Web Date: February 20, 2013
New Materials Lower Printed Electronics’ Appetite For Power
To make low cost, bendable electronics and displays for convenient consumer devices, many engineers want to find ways to print electronic circuits like publishers print magazines. Unfortunately, current printed electronics need a lot of power to run properly. A new combination of electronic materials may make the devices less power hungry (Nano Lett., DOI: 10.1021/nl3038773).
Like an iPad, any future bendable or wearable electronic device will run on battery power, says C. Daniel Frisbie, a materials scientist at the University of Minnesota, Twin Cities. But batteries don’t meet the power needs of today’s printed electronics: A typical small battery maxes out at about 3 volts, while high performance printed circuits typically require about 20 volts.
The circuits’ high power needs come from limitations in circuit printing methods; in particular, they produce layers of electronic materials that are too thick. As these layers get thicker, it requires more power to move electrons through them. For example, in transistors, thick layers of a certain insulator mean the circuit needs a lot of power to switch the transistor on and off.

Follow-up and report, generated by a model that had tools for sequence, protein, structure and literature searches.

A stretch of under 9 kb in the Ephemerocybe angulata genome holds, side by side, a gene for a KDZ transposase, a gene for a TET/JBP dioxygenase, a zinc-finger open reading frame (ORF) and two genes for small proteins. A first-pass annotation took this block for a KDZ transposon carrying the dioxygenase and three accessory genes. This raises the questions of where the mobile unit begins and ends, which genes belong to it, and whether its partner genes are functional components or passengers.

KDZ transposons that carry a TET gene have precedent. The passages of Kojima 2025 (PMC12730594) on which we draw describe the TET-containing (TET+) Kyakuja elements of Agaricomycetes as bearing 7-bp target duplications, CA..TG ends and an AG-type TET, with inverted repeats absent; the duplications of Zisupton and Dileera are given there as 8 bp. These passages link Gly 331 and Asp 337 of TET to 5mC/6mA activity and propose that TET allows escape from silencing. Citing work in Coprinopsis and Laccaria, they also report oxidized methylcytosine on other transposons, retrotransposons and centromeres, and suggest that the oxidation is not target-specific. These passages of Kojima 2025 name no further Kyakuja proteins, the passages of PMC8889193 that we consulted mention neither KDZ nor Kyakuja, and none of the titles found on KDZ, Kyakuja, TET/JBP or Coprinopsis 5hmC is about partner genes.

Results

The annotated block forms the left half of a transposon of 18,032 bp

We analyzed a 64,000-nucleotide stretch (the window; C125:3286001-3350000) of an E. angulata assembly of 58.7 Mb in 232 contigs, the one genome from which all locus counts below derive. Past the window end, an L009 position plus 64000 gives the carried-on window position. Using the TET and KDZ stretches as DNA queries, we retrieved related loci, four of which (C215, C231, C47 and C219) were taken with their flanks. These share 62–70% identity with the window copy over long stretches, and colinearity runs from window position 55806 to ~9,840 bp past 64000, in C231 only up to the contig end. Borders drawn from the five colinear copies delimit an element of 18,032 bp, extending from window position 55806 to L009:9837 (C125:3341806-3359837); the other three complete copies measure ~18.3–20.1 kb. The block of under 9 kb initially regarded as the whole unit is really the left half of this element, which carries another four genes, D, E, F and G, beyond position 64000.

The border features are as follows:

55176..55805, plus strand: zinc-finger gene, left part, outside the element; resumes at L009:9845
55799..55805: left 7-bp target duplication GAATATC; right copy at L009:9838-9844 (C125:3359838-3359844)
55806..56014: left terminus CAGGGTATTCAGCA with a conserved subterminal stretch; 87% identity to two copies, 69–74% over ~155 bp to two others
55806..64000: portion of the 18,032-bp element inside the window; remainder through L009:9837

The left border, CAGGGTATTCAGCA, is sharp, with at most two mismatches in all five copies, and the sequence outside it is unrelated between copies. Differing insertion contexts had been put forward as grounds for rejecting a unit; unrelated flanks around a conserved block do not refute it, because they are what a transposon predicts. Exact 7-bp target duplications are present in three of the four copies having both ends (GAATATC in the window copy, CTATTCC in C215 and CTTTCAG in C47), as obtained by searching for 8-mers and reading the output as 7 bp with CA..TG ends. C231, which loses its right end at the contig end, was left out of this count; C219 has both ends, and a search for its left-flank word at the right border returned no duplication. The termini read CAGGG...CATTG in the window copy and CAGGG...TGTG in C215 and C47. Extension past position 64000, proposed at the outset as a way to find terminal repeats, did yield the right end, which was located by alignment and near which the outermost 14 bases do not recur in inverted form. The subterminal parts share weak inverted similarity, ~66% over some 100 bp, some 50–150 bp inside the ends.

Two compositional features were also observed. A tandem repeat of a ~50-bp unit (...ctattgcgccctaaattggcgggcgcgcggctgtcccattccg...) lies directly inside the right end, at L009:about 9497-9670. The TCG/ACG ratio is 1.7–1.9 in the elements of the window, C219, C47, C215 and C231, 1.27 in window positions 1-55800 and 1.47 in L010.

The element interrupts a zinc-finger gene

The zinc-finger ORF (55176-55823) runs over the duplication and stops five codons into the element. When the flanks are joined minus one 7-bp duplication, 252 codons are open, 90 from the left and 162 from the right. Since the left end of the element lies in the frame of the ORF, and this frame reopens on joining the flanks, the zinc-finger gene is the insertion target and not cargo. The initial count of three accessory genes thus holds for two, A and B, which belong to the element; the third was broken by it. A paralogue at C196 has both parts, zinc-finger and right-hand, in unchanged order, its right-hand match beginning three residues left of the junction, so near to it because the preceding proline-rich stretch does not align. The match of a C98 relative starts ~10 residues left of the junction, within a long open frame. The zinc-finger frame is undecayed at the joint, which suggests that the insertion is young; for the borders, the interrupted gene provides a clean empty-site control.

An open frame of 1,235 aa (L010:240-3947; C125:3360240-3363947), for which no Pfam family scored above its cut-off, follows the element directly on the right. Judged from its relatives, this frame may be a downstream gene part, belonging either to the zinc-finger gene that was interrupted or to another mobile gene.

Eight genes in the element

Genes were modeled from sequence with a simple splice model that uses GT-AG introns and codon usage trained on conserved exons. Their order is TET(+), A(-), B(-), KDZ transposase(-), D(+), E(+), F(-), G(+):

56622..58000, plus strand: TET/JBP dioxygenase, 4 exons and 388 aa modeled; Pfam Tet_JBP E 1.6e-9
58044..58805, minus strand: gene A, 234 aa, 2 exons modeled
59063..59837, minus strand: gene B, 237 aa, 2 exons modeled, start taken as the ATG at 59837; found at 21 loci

To print transistors that switch at lower voltages even with thick insulating layers, Frisbie’s group tried a new set of materials. For the insulator itself, they used an ionic liquid gel that can store a lot of electrical charge, which lowers the switching voltage. For the transistor’s channel, the part that switches between on and off states, the researchers used semiconducting nanotubes made by Mark C. Hersam, of Northwestern University. Electrons move through these nanotubes very rapidly at low voltages, which further enables fast switching times.
As a demonstration of the new materials’ abilities, the team used aerosol jet printing to make a type of circuit called a ring oscillator. They first sonicated liquid solutions of the electronic materials to form droplets. Then they directed a flow of gas to pick up and deliver those droplets to the circuit’s surface.
To test the printed circuits, the researchers watched how fast elements in the ring oscillator changed states—basically, flipping from a 1 to a 0. This amount of time is called a delay; the lower it is, the better for the circuit’s performance.
When powered with 3 volts of electricity, the printed circuits operated with delays as low as 1 µs, about 10 times faster than previous printed electronics. Frisbie says that the short delays mean the electronic materials and printing method could be used to make circuits with sufficient speeds to drive video displays or chemical sensors.
Zhenan Bao, a materials scientist at Stanford University, says the speed of these circuits is impressive. “The advantage of this approach is that the device can operate at very low voltage, which is important for portable electronics,” she says.
- Chemical & Engineering News
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